So with the basics behind us, how can we be sure that our SecurityEvent resources have not been tampered with? One way is to use a signed Provenance resource that refers to the SecurityEvent. This would be created by the same application that created the SecurityEvent.

A key assumption to make is where do we get the signers public key (certificate) from? There are a number of options for this, and the details will vary for each particular implementation (as far as I am aware there is no intention for FHIR to move into this space).

One possibility is to actually store the certificate in the signature itself! This sounds silly, but the idea is that the certificate is signed by a Certificate Authority. So, if we trust that Authority, then we trust that they assigned it to the right person. We’ll use that for the example below.

This process would go something like this.

  1. The application creates and saves the SecurityEvent resource.
  2. Next, it creates a Provenance resource. The provenance resource will refer back to the SecurityEvent resource (Provenance.target).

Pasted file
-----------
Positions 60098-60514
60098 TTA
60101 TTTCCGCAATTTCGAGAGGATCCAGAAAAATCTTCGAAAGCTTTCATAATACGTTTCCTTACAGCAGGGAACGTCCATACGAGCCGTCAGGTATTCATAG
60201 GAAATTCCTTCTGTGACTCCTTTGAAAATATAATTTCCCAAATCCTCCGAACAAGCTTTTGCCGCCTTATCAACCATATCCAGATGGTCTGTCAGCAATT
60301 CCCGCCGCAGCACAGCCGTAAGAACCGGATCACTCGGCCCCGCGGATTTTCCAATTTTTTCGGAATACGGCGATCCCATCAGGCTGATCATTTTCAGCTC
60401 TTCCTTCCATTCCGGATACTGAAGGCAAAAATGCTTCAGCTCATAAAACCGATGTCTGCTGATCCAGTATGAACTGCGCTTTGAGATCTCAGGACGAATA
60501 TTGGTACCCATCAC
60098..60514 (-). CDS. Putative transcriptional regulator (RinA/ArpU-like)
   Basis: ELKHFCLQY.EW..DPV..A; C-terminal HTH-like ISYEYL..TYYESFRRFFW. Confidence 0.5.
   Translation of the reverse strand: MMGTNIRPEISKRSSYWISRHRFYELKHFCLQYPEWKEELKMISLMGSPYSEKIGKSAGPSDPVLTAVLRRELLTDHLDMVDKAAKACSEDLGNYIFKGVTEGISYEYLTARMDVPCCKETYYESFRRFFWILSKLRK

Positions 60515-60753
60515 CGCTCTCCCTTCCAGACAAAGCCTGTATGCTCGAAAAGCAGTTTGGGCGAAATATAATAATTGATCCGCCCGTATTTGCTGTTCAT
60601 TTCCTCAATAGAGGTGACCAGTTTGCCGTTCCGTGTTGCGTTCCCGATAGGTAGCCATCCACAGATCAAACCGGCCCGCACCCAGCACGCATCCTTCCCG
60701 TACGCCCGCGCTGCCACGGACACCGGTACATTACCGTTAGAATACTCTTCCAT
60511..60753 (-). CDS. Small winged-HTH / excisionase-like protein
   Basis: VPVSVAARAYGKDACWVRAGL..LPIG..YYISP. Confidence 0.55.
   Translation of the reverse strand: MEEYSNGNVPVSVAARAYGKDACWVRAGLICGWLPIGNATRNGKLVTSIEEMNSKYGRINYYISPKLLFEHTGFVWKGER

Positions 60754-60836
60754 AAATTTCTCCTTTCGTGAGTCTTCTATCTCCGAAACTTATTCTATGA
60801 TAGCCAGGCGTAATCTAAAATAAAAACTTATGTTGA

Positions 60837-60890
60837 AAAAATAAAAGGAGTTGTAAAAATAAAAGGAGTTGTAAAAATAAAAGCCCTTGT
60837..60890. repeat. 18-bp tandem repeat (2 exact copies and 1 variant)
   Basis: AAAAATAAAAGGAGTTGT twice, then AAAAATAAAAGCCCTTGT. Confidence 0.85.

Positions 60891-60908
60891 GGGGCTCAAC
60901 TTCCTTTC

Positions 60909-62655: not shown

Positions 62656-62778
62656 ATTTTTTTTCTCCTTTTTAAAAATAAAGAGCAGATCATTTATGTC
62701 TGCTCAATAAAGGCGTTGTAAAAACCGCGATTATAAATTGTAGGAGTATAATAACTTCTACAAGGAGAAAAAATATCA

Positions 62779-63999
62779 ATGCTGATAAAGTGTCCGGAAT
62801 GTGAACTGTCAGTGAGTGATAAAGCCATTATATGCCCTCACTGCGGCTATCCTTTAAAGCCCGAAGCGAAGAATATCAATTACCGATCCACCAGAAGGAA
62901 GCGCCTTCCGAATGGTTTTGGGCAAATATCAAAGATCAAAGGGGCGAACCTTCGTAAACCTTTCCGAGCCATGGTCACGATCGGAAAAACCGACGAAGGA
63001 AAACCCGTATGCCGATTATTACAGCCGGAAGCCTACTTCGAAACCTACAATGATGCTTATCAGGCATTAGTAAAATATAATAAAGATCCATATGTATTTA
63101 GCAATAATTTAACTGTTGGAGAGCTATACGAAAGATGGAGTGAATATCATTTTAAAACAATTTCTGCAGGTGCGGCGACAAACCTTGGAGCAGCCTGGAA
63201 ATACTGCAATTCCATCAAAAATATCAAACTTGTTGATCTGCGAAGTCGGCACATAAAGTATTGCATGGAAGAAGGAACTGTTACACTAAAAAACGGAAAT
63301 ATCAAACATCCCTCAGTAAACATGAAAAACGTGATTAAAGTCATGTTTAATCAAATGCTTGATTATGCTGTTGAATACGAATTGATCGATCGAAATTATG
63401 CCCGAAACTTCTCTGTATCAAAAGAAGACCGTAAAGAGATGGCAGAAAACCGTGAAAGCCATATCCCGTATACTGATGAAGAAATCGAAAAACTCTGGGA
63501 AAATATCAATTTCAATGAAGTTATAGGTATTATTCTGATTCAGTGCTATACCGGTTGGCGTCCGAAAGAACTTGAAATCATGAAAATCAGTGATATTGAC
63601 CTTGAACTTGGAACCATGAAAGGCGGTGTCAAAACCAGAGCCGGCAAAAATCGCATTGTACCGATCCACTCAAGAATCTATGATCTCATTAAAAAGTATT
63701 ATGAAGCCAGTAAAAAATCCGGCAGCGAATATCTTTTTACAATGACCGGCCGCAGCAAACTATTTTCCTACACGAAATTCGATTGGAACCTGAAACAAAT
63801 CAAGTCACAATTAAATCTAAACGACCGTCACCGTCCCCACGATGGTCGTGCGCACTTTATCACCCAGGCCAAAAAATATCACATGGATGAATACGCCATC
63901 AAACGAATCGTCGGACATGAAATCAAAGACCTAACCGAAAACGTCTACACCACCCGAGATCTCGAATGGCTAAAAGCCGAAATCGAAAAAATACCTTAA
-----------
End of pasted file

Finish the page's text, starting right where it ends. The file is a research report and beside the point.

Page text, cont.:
3. Next generate a Hash of the SecurityEvent resource.
  4. Create a signature by encrypting the Hash using the systems private key, and include the public key (certificate) in the signature, which is then saved in the Provenance resource. (Provenance.integritySignature).
  5. Save the Provenance resource.

All of the above steps would need to be executed on the server in a single transaction.

So, with that in place how can I check that a particular resource hasn’t been altered? Well:

  1. Retrieve the SecurityEvent resource I want to check
  2. Generate a Hash of the resource using the same hash function as before.
  3. Retrieve the Provenance resource that refers to that SecurityEvent. (This would be a query against Provenance – /Provenance?target={ SecurityEvent.ID} ). The element Provenance.integritySignature has the signature generated by the system that signed it.